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Rotating Storage Rack Holds 25 Tons Of Steel
“One of my customers and I were looking for a piece of steel in my storage racks a few years ago and couldn’t find what we needed,” says Carl Dressman, who owns a welding shop in Frankfort, Kan. “The fellow kind of jokingly mentioned ‘you ought to build a rack that brings the steel to you,’ so that’s what I did and it’s the best thing I’ve ever made,” Carl says.
  Dressman’s massive rotating rack is 24 ft. wide, 15 ft. tall and about 20 in. deep. It has 43 individual boxes that are welded about 8 in. apart on four lengths of 100 gauge chain. Each of the boxes, which are made from 2 in. pieces of 5 by 7-in. steel tubing, hold four different types of rod, bars, tubing or angle iron. It’s built on the same principle as a continuous loop jewelry display case so it maximizes storage space along one wall of Dressman’s 75-ft. shop and minimizes the time he needs to find any piece of steel.
  Dressman numbered all the boxes and keeps four products in each box.
  “When someone comes in the shop and wants a specific size or piece of metal I look in my book to see where it’s located. Then I rotate the rack to find exactly what they need. The rack probably saves me 30 min. or more every day because I’m not sorting through piles looking for something,” Dressman says. “Keeping track of what’s in the boxes also simplifies inventory control and lets me know when to order more products.”
  Dressman built the rack with heavy-duty components because he knew it would hold 25 tons when full. The vertical supports on each side and the cross member on top are 10-in. H beams. Two 1 5/8-in. dia. steel shafts have 16-in. diameter sprockets to guide the 100-gauge chain.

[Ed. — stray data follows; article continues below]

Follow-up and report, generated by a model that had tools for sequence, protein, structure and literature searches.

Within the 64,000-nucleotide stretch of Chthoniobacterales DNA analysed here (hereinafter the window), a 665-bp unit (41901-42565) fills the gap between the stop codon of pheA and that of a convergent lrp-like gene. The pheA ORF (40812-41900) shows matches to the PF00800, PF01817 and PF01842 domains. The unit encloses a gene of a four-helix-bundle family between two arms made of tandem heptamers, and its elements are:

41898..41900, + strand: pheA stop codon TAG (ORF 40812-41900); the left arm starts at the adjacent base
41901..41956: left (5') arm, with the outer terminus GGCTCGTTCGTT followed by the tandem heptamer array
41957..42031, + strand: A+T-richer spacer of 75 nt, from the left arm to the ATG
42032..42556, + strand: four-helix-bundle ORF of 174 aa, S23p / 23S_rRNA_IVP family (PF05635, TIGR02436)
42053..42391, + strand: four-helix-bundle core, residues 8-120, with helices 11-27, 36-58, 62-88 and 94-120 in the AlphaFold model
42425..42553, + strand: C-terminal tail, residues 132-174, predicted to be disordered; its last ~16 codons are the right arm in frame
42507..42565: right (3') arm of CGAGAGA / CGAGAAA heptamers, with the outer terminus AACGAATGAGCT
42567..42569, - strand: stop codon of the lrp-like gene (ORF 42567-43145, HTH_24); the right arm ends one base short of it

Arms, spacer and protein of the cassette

“I have a 3 hp electric 3-phase motor that rotates the storage rack,” says Dressman. “It can rotate a full circle in less than 5 min., which is plenty fast.” The motor drives the rack through a worm gearbox that turns slowly and acts as a brake when it stops. “I can raise or lower the box I need to the table with the cutoff saw, pull out and cut the piece I need, and that’s all there is to it,” Dressman says.
  The rack is easy to load, too. There’s another table on the opposite end from the cutoff saw to hold material before it slides into its designated box. “I built this in my spare time and it sure beats digging through stationary racks to store materials.”
  Contact: FARM SHOW Followup, Carl Dressman, Dressman Welding, 217 West 2nd St., Frankfort, Kan. 66427 (ph 785 292-4215; ldressman@yahoo.com).

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2012 - Volume #36, Issue #3